SkyView is used for determining the positions of the sun, moon, planets, stars and other astronomical bodies in the sky from an observer's location. It is designed to allow the observing parameters, such as date, time and observer location be easily changed so that changes in an objects position in the sky can be studied.
A map of the entire sky is given showing the stars, planets and other bodies that are currently above the horizon and observable. A zoomed-in star chart that is centered on a specific body is also produced, and is independent of whether the body is above the horizon or not.
The computations can be done over a date range from 4713 BCE to 9999 AD.
Other features include:
- computing the rise and set times of astronomical bodies.
- predicting the phases of the moon, and the dates of lunar and solar eclipses.
- computing the date and time of the Solstices and Equinoxes.
- plots of the Solar Analemma and Equation of Time.
- almanacs giving the annual rise,set and meridian transit times for the sun and the moon.
- predicting passes of the International Space Station.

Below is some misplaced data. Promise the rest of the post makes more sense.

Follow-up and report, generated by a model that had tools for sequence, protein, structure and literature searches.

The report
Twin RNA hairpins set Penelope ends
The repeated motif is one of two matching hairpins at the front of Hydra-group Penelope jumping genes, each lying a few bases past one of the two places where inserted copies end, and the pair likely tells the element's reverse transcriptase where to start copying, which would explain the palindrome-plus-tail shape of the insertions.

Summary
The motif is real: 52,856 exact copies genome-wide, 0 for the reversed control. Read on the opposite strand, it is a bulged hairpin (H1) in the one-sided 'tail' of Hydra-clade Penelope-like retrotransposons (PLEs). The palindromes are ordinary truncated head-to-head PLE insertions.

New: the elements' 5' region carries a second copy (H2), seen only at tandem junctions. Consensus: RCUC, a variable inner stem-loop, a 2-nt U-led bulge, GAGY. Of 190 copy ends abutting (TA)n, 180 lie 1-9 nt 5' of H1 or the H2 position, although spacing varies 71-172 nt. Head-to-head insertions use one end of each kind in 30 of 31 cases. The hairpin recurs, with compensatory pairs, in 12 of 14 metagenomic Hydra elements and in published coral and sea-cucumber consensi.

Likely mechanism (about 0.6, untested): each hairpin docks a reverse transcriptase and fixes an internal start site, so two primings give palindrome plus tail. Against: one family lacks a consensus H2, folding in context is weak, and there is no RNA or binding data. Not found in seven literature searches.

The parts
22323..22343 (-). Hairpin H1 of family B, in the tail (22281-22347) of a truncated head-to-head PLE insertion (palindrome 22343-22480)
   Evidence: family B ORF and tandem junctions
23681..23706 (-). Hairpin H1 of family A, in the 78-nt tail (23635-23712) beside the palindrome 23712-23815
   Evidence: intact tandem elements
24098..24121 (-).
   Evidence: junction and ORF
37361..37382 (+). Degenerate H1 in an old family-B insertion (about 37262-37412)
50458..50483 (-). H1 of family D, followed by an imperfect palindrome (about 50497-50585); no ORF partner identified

- showing the sky as it would be observed from the surface of another planet.
- computing "Mars Time".
- plotting the corrections that are required for Obliquity, Nutation and Precession.
- plotting the corrections that are applied to the RA and Declination of the stars.
- showing the current location in the sky of the GPS, Glonass and Iridium satellites.
- converting Latitude and Longitude to UTM and vice versa (WGS-84 only).
- local times are referenced to daylight saving time when applicable.
- historical time-zone settings can be applied for any location on Earth.
- show the date in both the Gregorian and Julian calendars
- computing the date in the Islamic and Jewish calendars.
One of the aims to writing this software, was simply to understand the processes and computations involved in predicting the locations of the observable astronomical bodies in the sky. An additional objective to achieve good accuracy in the computations. This has been an ongoing process and comparisons with other similar software and almanacs generally show good agreement.